Derfner is, if possible more opposed to the occupation now than ever before. He even supports the BDS (Boycott-Divestment-Sanctions) movement (which is still politically toxic in Israel, and to many Zionist groups in the U. S.), as a possible way of building international pressure (The South African approach) which could someday breach the solid internal support for the occupation. Yet he is able to ask:
“So how do I live with this – being a liberal, a believer in equality, in a country that is not only far less liberal and equitable than the one I left, but that is decisively illiberal and inequitable, that’s running the world’s last colonial military dictatorship, and, worst of all, that offers slim hope of ever changing? I live with this by keeping hope alive . . . .”
But if Derfner is settled in Israel, he’s still unsettled. One way for him to “keep hope alive:” is to hedge his bets:
“I have been not so subtly indoctrinating my sons to leave the country sometime after they finish the army. They have American passports, and I mean to see if I can get them European ones, too. And this is strictly because of the political situation here . . . .”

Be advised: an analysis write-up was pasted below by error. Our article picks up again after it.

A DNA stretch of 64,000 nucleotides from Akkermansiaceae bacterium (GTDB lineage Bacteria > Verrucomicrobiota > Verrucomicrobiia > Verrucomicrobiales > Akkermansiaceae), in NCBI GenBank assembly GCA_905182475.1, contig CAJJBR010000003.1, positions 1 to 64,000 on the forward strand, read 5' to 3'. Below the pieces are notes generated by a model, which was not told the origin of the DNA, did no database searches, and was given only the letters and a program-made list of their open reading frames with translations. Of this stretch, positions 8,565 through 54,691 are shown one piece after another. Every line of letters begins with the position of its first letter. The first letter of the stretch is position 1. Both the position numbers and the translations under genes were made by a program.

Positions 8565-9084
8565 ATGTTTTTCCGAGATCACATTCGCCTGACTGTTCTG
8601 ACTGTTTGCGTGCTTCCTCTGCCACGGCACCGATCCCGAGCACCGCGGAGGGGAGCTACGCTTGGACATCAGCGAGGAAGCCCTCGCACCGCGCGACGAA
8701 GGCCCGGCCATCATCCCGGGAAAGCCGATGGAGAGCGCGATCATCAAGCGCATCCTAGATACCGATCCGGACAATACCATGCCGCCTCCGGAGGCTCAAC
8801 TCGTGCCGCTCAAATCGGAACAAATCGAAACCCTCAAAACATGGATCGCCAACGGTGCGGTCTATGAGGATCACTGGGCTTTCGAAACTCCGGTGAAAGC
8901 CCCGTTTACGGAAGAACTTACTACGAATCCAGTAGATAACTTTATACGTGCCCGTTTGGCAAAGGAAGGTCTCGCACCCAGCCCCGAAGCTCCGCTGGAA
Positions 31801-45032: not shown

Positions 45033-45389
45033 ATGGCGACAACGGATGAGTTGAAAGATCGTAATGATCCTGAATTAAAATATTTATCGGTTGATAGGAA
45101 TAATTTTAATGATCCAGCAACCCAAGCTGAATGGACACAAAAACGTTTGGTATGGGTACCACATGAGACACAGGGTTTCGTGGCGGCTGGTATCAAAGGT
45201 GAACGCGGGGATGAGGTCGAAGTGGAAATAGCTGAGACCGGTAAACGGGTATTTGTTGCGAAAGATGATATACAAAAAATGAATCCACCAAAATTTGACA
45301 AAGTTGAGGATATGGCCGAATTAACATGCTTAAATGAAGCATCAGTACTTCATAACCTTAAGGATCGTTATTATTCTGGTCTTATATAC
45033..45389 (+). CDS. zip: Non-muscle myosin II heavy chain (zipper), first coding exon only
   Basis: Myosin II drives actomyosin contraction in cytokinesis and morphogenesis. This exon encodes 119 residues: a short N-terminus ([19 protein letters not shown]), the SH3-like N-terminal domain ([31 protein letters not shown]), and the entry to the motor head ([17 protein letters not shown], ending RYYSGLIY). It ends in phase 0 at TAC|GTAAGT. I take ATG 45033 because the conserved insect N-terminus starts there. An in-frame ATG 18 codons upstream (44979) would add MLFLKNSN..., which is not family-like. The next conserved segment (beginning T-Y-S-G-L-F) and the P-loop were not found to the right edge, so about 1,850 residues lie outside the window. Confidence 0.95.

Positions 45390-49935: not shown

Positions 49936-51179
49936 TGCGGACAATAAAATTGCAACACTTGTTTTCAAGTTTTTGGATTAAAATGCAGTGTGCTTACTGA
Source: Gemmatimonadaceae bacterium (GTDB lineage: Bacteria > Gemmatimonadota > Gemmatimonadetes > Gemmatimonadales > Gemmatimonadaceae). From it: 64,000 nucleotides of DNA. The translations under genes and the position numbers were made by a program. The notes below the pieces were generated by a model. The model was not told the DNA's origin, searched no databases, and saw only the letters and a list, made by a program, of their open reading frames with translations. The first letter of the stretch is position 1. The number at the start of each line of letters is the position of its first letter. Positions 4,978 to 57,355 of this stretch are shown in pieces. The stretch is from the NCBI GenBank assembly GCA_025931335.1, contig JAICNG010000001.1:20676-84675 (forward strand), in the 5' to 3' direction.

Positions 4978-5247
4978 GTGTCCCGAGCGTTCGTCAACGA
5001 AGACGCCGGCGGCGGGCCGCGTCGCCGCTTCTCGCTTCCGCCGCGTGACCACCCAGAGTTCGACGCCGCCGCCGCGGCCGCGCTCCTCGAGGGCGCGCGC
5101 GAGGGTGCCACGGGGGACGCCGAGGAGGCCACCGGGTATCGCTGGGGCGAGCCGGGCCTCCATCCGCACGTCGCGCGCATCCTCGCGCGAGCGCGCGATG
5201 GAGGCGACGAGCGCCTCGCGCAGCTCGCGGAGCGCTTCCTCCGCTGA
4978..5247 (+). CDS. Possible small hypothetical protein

That “political situation” has taken on a distinctly populist edge: there are many poor immigrant Jews from Africa and other areas, who are solid supporters of the farthest right elements of Israeli politics.
As Derfner powerfully puts it,
“the mindset here is is very much like that in red-state America. I think of Israel as a small, Hebrew-speaking Texas, with Tel Aviv the country’s answer to Austin. Like Israel, Texas used to be split between its liberal and hardass wings, but in recent decades the hardasses have taken over completely there, too.”
This comparison was written before the 2016 U. S. election; it’s even more trenchant now. And it brings back the image of Clare Hanrahan having to struggle and negotiate to find a place to sit in a public park, packed full of those who are discarded and “disappeared” in plain sight by our own society. Could even Asheville, North Carolina’s Austin, be joining what seems to be emerging as an American version of Derfner’s Israel?
The haunting phrase is Derfner’s: “the country gets more paranoid, more racist, more aggressive.” He wrote it about his new country. But is it now true of his old country too?
If so, these two memoirs may become more than gripping personal stories; they could turn into poignant memorials to some-thing lost – and reminders of the haunting question that Derfner grapples with in his last few pages: in these increasingly parallel settings, how do you “keep hope alive”?